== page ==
You could also have a look at our online Forum and see if anyone has had a tattoo and where they had it done, or start your own thread.
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What Are The Risks Of Getting A Tattoo
For anyone getting a tattoo the biggest risk is from dirty needles that can spread diseases such as HIV and hepatitis. Tattoo artists should always use sterile equipment and fresh needles.
Other risks include:
- Infection see below
- Allergy to pigment this is very rare but some studios do offer a patch test before a tattoo
- its possible to get tattoos removed but its expensive and can be very painful. Theres also no guarantee that a tattoo can be completely removed.
- The colour fading the pigment will naturally fade over time. To reduce initial fading avoid swimming, sunbathing, using a sunbed or doing exercise that makes you sweat for two weeks after having a tattoo. You can use a high factor sunscreen on your tattoo to help reduce fading
The tattooed area will be swollen, red and may itch but this should go away over time. You may also have some bruising to the area.
If any redness or swelling doesnt go away and you develop a high temperature or feel feverish you may have an infection. If you think you have an infection contact your GP, nearest urgent care centre or A& E as soon as possible as you may need antibiotics.
What Can Women At Very High Risk Do If They Do Not Want To Undergo Risk
Some women who are at very high risk of breast cancer may undergo more frequent breast cancer screening . For example, they may have yearly mammograms and yearly magnetic resonance imaging screeningâwith these tests staggered so that the breasts are imaged every 6 monthsâas well as clinical breast examinations performed regularly by a health care professional . Enhanced screening may increase the chance of detecting breast cancer at an early stage, when it may have a better chance of being treated successfully.
Women who carry mutations in some genes that increase their risk of breast cancer may be more likely to develop radiation-associated breast cancer than the general population because those genes are involved in the repair of DNA breaks, which can be caused by exposure to radiation. Women who are at high risk of breast cancer should ask their health care provider about the risks of diagnostic tests that involve radiation . Ongoing clinical trials are examining various aspects of enhanced screening for women who are at high risk of breast cancer.
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Does Mastectomy Cure Breast Cancer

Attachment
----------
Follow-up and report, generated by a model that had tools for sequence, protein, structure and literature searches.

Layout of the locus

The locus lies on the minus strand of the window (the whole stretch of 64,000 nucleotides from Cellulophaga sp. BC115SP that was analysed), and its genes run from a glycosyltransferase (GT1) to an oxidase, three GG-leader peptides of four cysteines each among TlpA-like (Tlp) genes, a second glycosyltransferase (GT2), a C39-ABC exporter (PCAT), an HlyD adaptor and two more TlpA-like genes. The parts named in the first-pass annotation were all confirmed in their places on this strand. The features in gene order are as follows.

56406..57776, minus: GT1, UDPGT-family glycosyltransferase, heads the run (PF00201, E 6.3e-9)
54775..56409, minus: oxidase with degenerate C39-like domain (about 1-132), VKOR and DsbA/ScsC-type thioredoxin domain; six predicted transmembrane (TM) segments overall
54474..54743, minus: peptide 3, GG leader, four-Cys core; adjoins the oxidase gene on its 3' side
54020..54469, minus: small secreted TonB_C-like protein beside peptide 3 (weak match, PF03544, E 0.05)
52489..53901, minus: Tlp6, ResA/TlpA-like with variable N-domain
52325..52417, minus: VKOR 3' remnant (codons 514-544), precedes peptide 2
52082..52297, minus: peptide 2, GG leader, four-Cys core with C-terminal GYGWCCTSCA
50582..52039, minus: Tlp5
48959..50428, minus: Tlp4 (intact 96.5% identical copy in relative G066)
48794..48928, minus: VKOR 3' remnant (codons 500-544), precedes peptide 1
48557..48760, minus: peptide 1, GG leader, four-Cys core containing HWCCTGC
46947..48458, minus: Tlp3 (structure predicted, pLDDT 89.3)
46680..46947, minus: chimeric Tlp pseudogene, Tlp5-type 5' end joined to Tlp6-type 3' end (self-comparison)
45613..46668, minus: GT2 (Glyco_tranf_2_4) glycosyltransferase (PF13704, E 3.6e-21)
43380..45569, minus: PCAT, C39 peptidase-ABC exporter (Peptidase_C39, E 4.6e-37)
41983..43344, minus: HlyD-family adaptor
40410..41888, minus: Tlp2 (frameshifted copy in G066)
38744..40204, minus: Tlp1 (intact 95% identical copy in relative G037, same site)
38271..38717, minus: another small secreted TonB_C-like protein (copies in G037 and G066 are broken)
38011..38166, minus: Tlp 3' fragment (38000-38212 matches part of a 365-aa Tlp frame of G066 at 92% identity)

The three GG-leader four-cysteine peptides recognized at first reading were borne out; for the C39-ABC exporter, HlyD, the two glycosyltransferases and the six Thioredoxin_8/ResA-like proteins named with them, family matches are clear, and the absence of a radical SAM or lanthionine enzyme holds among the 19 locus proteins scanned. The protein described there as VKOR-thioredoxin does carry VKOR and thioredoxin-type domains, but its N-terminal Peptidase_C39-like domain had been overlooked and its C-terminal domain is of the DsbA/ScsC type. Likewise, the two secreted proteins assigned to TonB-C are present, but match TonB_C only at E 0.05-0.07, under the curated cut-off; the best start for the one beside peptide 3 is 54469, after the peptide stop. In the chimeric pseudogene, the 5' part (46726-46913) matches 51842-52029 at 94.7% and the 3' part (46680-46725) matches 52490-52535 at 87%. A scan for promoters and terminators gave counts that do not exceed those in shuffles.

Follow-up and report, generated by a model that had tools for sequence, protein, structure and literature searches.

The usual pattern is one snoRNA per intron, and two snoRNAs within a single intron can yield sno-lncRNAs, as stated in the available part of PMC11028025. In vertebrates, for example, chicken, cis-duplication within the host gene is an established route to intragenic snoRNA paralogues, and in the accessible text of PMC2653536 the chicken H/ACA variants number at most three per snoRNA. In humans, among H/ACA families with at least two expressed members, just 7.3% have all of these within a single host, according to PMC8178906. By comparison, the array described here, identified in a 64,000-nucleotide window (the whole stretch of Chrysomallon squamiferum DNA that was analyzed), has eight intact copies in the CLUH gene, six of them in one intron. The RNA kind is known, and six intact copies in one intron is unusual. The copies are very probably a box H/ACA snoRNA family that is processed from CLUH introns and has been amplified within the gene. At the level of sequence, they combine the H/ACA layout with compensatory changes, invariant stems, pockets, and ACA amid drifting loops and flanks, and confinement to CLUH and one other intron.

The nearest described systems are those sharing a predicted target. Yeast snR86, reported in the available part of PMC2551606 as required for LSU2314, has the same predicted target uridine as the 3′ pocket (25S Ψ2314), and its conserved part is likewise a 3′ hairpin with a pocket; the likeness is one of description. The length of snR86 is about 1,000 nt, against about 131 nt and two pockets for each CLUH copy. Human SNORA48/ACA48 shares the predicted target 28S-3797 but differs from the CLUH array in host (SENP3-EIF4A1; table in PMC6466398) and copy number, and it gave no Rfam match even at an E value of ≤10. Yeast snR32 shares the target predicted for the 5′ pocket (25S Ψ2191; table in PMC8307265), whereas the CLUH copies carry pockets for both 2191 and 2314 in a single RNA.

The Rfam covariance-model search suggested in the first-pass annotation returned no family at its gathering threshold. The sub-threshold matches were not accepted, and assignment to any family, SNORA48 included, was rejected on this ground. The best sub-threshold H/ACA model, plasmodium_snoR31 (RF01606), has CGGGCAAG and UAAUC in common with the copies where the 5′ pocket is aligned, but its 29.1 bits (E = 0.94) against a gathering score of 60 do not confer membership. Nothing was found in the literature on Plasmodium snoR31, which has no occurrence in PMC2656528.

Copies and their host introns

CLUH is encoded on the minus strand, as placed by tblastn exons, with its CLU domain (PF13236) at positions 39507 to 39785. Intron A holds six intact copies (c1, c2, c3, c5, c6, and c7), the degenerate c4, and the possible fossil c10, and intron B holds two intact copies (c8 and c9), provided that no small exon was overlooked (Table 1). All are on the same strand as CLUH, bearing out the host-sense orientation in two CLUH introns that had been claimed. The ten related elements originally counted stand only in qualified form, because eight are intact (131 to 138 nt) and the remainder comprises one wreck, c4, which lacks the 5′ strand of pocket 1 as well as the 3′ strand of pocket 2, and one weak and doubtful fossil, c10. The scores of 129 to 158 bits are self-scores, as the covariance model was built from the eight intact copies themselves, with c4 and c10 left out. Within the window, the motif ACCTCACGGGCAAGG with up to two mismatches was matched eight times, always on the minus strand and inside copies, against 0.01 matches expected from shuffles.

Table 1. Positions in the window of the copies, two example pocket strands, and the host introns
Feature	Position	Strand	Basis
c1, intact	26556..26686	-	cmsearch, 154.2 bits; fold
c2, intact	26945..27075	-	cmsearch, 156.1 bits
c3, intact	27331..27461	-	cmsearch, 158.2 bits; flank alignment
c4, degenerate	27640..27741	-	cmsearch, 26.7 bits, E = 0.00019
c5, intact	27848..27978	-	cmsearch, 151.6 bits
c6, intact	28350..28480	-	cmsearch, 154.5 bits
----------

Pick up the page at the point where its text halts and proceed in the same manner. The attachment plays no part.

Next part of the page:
A mastectomy is usually one part of a breast cancer treatment plan. Your plan may also include chemotherapy, radiation therapy and/or hormone therapy.
Once youve beaten breast cancer, it usually doesnt return. But occasionally it does come back, even if youve had your breasts removed. There are many factors that can increase your risk of cancer returning, including whether the cancer has spread to your underarm lymph nodes. Talk to your healthcare provider about your risks.
Mastectomy With Breast Reconstruction
Some women choose to have breast reconstruction to help restore the look of the breast that was removed.
Reconstruction may be done at the same time as the mastectomy or later . In general, cosmetic results are better with immediate reconstruction.
Discuss your reconstruction options with your plastic surgeon before breast surgery.
Not all women choose to have reconstructive surgery. Some women choose to get a breast prosthesis. Others choose to go flat, with no reconstruction or prostheses.
Read our blog, Despite What Doctors Told Me, Ive Never Regretted My Decision to Go Flat After a Double Mastectomy.
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What Is A Mastectomy Tattoo
Some people consider having a decorative tattoo on their breast or chest after breast cancer surgery. This is sometimes referred to as a ‘mastectomy tattoo’, but could be after breast-conserving surgery, a mastectomy or breast reconstruction.
An example of a mastectomy tattoo
Decorative tattoos are different to nipple and areola tattooing which are usually carried out by a doctor or nurse who has had specialist training.
Surgeons Excited At The Prospect Of New Treatment Option
Sheldon Feldman, chief of breast surgery at Montefiore Health System, who is involved in the NCI trial said that now that drug treatments have become more advanced, “medical therapy works better the role of surgery is less and less.”
Kuerer hopes the trials will prove that going surgery-free is an option for some women with breast cancer. “I would be ecstatic if all of us would be put out of business,” he said.
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Outcomes Of Breast Cancer In Patients Who Use Alternative Therapies As Primary Treatment
This was a medical chart review by Chang et al, published in the American Journal of Surgery in 2006. It examined breast cancer patients who refused conventional chemotherapy, or delay its initiation, in order to use CAM. The authors calculated each patients prognosis at the time of diagnosis. In total, 33 women were included. The results were grim:
- Eleven patients initially refused surgery. Ten of these patients experienced progressive disease. Five ultimately had surgery. In the six others, the cancer had already metastasized, so surgery would have offered no benefit.
- Three patients refused to allow sampling of lymph nodes to evaluate disease spread. One of these patients developed recurrent disease in the lymph nodes.
- Ten patients refused local control of the tumor site. Two patients developed recurrences in the same location, and two developed metastatic disease.
- Nine patients refused chemotherapy, raising their estimated 10-year mortality from 17% to 25%
Consistent with the study above, the vast majority of breast cancer patients who refuse surgical intervention developed progressive disease. Even delaying surgery increased risks and overall mortality. Outcomes were better for patients that accepted surgery, but refused adjuvant treatments, like chemotherapy. However, even this strategy significantly raised 10-year mortality estimates.